I never know how my stories will be received by those who read what I write.  I see in my blog tracker that you are all out there reading, but I do not get much feedback.  Thank you Dixie for sharing how God used my story in your setting.  I am honored to be a sermon illustration and I pray God uses the words I write to transform peoples lives and ultimately to transform the church into a welcoming community of hospitality that embraces the stranger.

So here are my questions.  Have you ever had the judgments of others snatch away the seeds of God?

I think this can happen in both big ways as in my story but also in small ways.   God could plant a seed in your heart calling you to follow, yet the judgments of others snatch that seed up before it grows roots.  For example, early on in my blogging, people would ask in a condescending tone, “Why do you want to spend your time blogging?” and I would hear “What a waste of your time!” and question God’s call.  Thankfully, there are those in my life who continually speak truth into my life and encourage me to stay faithful no matter what I feel God is calling me to do.  Even when it makes no sense at all.

What seeds are the birds snatching up in your life?  What seeds are your words of judgment stealing from the paths of others?How can we keep the birds from stealing the seeds God has sown in our lives?  What voices are there in your life that counter the voice of judgment?

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4 Comments

Filed under Theology

4 responses to “Honored to be a Sermon Illustration

  1. Wendy,

    I love your ideas. The church too often is a social club for the insiders – and those who are hurting, or full of grief and regret are not welcome. Can we all please return to being what the Church was meant to be?

    Your humble servant,
    Paul

    • wmccaig

      Thanks Paul. I am finding that there are a lot of people who feel exactly the way you feel. I am reading Jim Palmer’s book “Divine Nobodies: Shedding Religion to Find God.” I will be posting a few ideas out of his book in the next week or so. You might want to check it out. I am not done with it yet but so far, I feel like I found a kindred spirit. Thanks for you comment…I sometimes feel like I am talking to myself.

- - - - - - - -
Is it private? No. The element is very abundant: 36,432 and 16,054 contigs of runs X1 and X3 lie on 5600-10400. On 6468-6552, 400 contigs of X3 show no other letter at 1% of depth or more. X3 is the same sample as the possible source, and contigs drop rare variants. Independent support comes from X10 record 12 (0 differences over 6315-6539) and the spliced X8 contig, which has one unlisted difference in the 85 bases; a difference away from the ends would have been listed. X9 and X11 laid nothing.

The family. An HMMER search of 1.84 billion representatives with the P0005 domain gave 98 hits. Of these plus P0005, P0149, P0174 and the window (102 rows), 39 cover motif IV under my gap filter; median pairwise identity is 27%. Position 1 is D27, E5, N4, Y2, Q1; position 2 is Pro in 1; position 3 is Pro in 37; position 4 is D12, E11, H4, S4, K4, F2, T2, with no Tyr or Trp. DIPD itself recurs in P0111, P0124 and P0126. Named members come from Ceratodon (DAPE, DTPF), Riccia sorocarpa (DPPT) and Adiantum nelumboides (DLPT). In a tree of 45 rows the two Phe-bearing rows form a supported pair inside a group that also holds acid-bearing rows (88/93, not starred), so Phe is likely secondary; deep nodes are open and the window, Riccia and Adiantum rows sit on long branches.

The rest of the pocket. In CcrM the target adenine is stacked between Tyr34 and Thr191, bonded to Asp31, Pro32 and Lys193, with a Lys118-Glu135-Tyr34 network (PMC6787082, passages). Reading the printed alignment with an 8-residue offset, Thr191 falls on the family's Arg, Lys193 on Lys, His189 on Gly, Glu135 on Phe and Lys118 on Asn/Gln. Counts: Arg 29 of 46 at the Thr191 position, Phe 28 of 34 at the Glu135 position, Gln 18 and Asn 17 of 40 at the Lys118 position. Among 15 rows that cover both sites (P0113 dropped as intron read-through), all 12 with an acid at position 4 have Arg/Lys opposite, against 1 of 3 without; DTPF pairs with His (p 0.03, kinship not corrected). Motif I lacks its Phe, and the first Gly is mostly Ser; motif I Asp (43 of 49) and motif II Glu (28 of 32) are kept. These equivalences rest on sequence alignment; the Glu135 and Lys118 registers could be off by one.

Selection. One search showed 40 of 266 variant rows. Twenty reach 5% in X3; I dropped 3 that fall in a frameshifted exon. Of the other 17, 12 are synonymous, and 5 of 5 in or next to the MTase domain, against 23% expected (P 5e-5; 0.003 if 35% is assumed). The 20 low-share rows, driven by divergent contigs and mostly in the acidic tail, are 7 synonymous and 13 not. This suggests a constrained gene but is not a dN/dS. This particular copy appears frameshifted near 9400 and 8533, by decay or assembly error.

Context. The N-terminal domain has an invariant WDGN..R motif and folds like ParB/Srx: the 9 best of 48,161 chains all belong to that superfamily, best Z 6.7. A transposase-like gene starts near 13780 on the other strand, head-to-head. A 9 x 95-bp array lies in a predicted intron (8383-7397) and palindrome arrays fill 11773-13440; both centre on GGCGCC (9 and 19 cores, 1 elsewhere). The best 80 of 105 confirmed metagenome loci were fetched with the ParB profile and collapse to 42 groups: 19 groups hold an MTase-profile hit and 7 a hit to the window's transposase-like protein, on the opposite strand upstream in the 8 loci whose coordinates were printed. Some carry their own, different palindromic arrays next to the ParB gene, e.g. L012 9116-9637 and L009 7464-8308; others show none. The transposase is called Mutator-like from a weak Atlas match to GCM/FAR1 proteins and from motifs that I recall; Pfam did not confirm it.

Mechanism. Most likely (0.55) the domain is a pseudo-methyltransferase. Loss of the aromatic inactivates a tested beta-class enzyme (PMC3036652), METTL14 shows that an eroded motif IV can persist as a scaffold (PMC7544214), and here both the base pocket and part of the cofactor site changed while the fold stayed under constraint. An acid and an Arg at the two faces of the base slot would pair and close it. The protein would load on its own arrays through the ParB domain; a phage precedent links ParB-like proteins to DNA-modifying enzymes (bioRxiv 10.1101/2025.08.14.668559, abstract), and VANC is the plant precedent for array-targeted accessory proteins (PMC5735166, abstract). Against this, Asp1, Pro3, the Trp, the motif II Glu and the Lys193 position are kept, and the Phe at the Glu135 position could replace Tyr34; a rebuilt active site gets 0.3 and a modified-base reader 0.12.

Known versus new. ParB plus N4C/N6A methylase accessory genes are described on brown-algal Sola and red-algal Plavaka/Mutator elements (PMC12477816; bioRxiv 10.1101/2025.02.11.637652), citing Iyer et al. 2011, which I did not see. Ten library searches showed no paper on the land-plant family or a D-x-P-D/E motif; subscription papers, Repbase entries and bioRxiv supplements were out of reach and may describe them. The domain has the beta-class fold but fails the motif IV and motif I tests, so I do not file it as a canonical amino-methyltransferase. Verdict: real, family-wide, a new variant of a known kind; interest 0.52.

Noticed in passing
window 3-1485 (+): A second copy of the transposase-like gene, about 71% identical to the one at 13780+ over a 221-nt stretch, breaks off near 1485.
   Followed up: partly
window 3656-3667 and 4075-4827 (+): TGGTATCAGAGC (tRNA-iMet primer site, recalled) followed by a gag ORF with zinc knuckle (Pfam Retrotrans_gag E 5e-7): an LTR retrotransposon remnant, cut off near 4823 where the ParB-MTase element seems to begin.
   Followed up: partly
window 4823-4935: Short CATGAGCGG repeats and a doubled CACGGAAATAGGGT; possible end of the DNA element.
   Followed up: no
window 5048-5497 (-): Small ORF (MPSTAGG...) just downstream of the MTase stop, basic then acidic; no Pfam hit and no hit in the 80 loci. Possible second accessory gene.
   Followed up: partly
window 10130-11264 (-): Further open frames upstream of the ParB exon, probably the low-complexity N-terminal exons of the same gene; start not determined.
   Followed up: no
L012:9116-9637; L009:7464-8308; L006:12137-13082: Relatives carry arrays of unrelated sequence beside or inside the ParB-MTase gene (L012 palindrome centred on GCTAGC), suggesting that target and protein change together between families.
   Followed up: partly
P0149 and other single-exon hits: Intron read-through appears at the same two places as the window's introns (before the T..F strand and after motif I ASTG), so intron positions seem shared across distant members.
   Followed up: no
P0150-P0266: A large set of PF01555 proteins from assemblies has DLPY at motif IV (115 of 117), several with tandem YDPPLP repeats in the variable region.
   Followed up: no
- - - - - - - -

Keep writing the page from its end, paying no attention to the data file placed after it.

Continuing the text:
2. Sharon Drescher

    Wendy,

    So glad to hear that a pastor shared your story with her congregation. What struck me after reading this is that I grew up in the church, everyone in my life was considered good, church-going individuals, we never missed a sunday service but I also never felt any real connection, I just went through the motions. Then I had my own children and like a programmed robot sent them to a christian school hoping they would also become “good, church going people”. One day my son came home from school and asked if Mommy and Daddy were going to hell because we were getting a divorce. That was one of many eye openers. I still have not found a real church home but I am no longer feeling the need to fit the mold….that is quite liberating!

    • wmccaig

      Sharon – I think many people have felt the same judgment related to divorce. I am really thankful you shared your story in my book so people can really understand what many people endure before they decide divorce is the right path for them. I have never met anyone who made the decision to divorce without a lot of soul searching. I also know what you mean when you write “I am no longer feeling the need to fit the mold…that is quite liberating!” I feel exactly the same way. I only have to please an audience of one and that is hugely liberating.